http://arstechnica.com/news.ars/post/20 ... t-ces.html
Palm also announced a new phone, the Palm prÃƒÂ©, set for launch in the first half of 2009. It features a 3.1-inch multitouch screen with 320x480 resolution over a slide-out QWERTY keyboard, all squeezed into a small, 4.8-oz package.
Here's a quick feature rundown of the prÃƒÂ©s hardware:
* EVDO Rev A. (courtesy of Sprint)
* 802.11 b/g
* Bluetooth (with stereo out support)
* 8GB of storage
* TI OMAP processor
* 3.1-inch multitouch screen with 320x480 resolution
* Sensors: accelerometer, proximity, ambient light
* 3MP camera with LED flash
* Speaker for speakerphone and music
* Replaceable battery
* MicroUSB connector for charging, with USB 2.0 support.
* 3.5mm headphone jack
* Phone works with slide-out QWERTY keyboard either open or closed.
As nice as the prÃƒÂ©'s hardware is, Palm's webOS is where the real action is. As a dedicated iPhone user, I experienced something very strange and quite unexpected while watching Palm demo the new OS: my iPhone suddenly felt old and played out. It's like Palm started with the iPhone, copied all the best ideas, and then made the whole package better.
In the cards
The entire UI is based on a "desktop + cards" paradigm, where "cards" replace "windows" or even "apps." You start with a display area that contains a blank desktop and an iPhone-style dock at the bottom. You can bring up a launcher card that slides up from the bottom of the screen and takes over, and from there you can bring up new cards: a web card containing a web page, a chat card with a conversation in it, an email card with your messages on it, etc. New cards slide up from the bottom, while the current card moves to the side, the result being that you can flip through a stream of cards from side-to-side, much like Apple's Coverflow.
This card paradigm is truly fascinating, and it appears to be a very effective way to do multitasking on a smartphone.
Beneath the display region is a touch-sensitive gesture region, where you can use gestures to control the device without interfering with whatever it is you're doing in the display area. (e.g., you can use a gesture in this area to scroll a web page without accidentally clicking a link, like I sometimes do on my iPhone).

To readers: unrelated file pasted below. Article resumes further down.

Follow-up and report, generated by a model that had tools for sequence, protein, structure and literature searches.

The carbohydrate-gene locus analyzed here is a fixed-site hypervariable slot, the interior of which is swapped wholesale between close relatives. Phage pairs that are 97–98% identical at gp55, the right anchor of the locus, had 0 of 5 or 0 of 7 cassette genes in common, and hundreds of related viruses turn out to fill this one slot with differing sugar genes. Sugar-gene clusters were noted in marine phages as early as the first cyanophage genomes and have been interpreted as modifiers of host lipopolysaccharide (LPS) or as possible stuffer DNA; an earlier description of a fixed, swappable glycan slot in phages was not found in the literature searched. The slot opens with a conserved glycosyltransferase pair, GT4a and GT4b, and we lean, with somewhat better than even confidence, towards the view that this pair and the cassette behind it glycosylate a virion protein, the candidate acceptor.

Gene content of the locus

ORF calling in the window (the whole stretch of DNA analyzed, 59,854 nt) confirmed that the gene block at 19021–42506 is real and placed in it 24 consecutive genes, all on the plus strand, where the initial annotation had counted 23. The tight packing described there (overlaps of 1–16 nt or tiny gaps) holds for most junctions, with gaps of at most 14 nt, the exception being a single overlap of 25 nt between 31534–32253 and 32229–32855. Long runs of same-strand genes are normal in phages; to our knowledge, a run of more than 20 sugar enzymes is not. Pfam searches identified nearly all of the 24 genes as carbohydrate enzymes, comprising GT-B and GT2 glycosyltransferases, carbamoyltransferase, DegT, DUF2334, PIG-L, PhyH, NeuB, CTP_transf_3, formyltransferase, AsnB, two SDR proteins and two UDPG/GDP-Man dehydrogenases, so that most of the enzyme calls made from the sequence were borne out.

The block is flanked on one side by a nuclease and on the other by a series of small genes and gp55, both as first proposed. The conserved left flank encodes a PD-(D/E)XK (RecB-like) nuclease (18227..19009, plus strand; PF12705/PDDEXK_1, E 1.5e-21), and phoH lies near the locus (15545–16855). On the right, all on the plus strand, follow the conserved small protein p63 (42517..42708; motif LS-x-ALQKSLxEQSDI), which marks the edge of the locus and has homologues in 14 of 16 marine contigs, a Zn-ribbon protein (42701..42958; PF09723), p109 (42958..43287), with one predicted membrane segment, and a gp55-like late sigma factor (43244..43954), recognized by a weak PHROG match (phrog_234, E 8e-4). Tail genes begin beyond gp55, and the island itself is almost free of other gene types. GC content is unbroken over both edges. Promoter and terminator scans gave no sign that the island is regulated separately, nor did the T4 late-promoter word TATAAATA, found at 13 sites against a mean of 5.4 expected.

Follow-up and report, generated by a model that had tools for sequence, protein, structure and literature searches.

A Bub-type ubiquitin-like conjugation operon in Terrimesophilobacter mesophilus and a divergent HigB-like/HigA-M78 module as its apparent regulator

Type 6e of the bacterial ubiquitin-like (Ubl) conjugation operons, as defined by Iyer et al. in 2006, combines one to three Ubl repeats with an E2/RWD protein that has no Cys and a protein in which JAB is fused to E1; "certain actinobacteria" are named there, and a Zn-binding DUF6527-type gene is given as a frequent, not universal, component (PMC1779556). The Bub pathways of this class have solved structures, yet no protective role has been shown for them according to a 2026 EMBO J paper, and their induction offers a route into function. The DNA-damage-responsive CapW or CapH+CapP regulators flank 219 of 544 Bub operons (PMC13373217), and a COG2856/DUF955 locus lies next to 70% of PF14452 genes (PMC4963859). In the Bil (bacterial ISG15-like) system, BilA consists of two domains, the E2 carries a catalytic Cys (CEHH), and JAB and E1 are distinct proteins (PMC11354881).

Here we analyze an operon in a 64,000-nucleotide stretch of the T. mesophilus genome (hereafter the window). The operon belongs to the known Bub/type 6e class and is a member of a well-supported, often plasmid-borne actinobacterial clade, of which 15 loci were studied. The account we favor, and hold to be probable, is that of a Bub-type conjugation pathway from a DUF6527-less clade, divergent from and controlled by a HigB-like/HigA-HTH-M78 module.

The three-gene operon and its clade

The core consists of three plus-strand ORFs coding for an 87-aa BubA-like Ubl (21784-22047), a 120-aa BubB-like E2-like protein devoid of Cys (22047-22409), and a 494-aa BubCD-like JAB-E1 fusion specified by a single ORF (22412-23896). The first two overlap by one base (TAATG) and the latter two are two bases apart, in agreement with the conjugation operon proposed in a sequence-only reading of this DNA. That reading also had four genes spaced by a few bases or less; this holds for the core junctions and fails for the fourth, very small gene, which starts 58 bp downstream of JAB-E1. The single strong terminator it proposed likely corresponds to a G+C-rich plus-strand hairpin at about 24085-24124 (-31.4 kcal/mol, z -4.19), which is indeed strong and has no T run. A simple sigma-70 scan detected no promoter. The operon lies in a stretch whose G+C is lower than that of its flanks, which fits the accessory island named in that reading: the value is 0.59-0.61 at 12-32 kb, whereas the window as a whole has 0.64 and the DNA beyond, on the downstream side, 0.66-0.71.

Task-based, not app-based
By ditching the app + window paradigm (which the iPhone still essentially uses) in favor of a card paradigm, Palm was able to invent a truly task-based interface that lets you use the interface to do things, instead of using apps to do things. Let me give an example.
Instead of having multiple communications apps on the phone, any of which you can use to carry on a conversation via multiple services, you just open up a single chat card with that user. That chat card hosts a continuous stream of conversation that combines SMS messages and IM in a single, seamless interface and chat experience. That way, the focus is on the conversation, and not the medium (SMS, Gtalk, iChat, AIM, etc.). It's very nice, in an "I want to be able to do that right now on my iPhone" kind of way.
Palm has saddled this fantastic approach with an overused buzzword-turned-name: synergy. But, in light of how compelling both the idea and the implementation seem to be (at least based on this staged demo), the annoying name is a minor issue.
In addition to focusing on connecting users to their network in a way that hides which network you're using, Palm thought pretty hard about the problem of interruptions via alerts and new messages. The company's solution was to have alerts and messages show up at the bottom of the screen in a narrow area, so that there's no dialog box for a user to dismiss and no reason to stop whatever you're currently working on in order to close the notification or act on it.
I expect to see this method for handling incoming events and alerts gain widespread adoption by smartphone makers.
It runs Linux, and it's totally skinnable
A coup for Sprint, and redemption for Palm
Sprint is the exclusive launch partner for the prÃƒÂ©, playing the AT&T to Palm's Apple. This was a great score for the company, which has reportedly been losing subscribers (myself included) to the iPhone in droves. I personally prefer Sprint's network to AT&T's, and now there's actually a phone on that network that I'd consider using. Palm will eventually make a WCDMA version available, so we should eventually see the prÃƒÂ© on T-Mobile, AT&T, and/or Vodafone (outside of the US).
Look for a ton more coverage of this device at Ars in the coming weeks and months. Palm has completely redeemed themselves from the Foleo fiasco by launching the very first phone that truly builds on what Apple started with the iPhone and takes it to the next level. I'm not necessarily willing to declare that this is an iPhone-killerÃ¢â‚¬â€there's no music store (yet), though prÃƒÂ© does play music and videosÃ¢â‚¬â€but if I had tried to design an iPhone-killer myself and had come up with this, I'd be pretty pleased.
No launch date was given, but Palm expects to the prÃƒÂ© to be available sometime during the first half of 2009.